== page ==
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New tool or burden?

The modification of the AIFMD II directive brings some welcome changes, but also a not insignificant extension of the obligations of the managers of alternative investment funds whose appropriateness can be disputed.

On November 25, 2021, the European Commission presented a long-awaited amendment to the Alternative Investment Fund Managers Directive (AIFMD), referred to as AIFMD II. AIFMD II is part of the package presented by the 2020 Action Plan to create a single European capital market through the Capital Markets Union. Currently, there is an intense debate in the European Parliament on the final form that AIFMD II should take, the latest addition being the amendment of May 16, 2022 (at the time of the editorial close of this article). In this article, we explain what are the upcoming developments for managers of alternative investment funds (alternative investment funds are hereafter referred to as “FIA“and their managers as”AIFM“).

Overview of changes

1. New services and complementary activities

AIFMD II extends the existing complementary services that AIFMs can provide. These include:

  1. the granting of credit, including on a cross-border basis;

  2. benchmark management;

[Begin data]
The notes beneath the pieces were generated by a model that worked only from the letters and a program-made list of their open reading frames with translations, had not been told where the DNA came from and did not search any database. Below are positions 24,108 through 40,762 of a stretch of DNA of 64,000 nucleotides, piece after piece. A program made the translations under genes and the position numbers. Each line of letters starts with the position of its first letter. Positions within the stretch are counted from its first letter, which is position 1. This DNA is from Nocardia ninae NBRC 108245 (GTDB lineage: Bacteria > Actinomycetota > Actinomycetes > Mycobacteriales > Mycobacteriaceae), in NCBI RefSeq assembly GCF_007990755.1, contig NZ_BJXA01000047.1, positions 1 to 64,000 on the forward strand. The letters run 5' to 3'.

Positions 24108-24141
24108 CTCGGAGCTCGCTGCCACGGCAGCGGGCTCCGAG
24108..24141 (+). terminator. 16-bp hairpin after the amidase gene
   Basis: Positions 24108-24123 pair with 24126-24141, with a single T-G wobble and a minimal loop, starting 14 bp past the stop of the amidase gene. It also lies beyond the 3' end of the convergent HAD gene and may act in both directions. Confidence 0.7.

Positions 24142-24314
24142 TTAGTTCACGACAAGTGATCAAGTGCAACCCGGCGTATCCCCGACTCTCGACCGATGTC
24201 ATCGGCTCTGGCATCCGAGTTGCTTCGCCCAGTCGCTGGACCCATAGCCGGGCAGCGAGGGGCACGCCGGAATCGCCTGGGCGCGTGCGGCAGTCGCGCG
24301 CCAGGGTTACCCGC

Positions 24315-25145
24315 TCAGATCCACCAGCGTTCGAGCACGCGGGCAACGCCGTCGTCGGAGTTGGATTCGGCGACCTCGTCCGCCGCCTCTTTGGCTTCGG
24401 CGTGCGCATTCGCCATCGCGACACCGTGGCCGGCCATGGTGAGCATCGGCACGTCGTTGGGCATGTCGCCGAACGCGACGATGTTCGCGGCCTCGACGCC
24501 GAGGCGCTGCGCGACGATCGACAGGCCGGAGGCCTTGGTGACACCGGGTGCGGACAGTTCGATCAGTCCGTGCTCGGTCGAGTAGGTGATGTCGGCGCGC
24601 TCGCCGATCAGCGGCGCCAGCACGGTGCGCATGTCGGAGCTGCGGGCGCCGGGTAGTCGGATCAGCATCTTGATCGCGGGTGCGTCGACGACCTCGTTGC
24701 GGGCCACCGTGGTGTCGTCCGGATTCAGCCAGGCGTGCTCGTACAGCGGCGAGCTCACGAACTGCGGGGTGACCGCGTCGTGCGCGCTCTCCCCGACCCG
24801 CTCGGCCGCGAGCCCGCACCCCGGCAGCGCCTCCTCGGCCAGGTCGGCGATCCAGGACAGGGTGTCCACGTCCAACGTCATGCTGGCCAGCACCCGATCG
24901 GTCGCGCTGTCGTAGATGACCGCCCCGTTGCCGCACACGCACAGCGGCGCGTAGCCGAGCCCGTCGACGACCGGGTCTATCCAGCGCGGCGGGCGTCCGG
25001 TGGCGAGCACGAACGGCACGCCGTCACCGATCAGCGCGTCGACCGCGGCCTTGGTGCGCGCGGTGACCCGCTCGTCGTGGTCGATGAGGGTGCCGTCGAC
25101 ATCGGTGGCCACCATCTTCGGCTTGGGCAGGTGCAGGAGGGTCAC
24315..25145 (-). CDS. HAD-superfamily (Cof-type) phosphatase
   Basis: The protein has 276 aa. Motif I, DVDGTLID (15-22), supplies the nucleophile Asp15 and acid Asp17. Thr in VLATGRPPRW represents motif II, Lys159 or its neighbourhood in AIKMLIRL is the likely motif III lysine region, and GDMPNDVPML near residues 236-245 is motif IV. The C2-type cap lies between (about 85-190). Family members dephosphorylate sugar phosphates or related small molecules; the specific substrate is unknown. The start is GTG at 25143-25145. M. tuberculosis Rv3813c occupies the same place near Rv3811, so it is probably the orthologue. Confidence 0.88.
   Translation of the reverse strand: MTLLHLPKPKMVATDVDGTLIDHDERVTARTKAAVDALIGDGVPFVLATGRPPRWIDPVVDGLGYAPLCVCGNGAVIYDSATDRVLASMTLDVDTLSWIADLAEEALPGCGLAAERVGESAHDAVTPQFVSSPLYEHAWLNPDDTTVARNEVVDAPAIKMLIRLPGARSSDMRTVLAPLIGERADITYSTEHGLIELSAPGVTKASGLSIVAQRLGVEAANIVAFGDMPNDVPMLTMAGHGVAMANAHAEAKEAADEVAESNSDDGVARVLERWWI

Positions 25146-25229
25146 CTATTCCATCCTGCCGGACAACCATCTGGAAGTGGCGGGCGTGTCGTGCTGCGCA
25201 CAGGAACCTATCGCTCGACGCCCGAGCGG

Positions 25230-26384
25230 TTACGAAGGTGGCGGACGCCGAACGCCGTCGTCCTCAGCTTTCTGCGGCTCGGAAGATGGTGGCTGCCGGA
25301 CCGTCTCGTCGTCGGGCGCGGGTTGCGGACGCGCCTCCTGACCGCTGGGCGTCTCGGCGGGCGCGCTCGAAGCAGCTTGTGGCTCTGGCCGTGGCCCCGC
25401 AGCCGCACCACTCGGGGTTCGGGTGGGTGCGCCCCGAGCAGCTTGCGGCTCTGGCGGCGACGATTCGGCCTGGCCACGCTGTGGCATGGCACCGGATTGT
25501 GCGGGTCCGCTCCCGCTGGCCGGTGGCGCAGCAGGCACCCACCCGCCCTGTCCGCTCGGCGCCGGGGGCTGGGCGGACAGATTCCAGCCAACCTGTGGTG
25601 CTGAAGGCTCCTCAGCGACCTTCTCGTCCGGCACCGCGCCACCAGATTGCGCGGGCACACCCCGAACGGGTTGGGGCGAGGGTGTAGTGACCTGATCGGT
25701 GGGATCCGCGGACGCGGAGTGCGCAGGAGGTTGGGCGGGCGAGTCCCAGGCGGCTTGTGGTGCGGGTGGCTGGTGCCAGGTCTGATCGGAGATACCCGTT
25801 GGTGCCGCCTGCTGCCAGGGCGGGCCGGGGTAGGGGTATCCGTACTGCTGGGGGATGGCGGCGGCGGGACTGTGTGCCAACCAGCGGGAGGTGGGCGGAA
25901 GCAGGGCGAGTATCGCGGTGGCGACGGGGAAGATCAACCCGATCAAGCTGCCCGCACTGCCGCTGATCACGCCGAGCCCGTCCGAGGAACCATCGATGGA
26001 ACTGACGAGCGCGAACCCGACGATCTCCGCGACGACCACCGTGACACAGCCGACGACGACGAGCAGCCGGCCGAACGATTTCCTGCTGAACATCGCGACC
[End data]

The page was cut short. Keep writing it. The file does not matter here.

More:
3. securitization SPV services; and

  4. administration of loans in accordance with the directive on credit servicers and credit buyers.

2. Funds granting loans

Managers of EU AIFs managing loan funds will now be subject to new requirements and obligations:

  1. establish effective procedures and processes for granting credit with annual review;

  2. the loans granted by an AIF to the same borrower cannot exceed 20% of the capital of the AIF if the borrower is a financial institution, another AIF or a UCITS;

  3. an AIF may not grant credit to its manager or to its employees, to its depositary or to its representative;

  4. the AIF is required to hold at least 5% of the notional value of the loans, excluding loans acquired on the secondary market; and

  5. AIFs granting large loans (60% or more of the net asset value of the AIF) must take the form of a closed-end fund.

3. Rules relating to AIFM delegation activities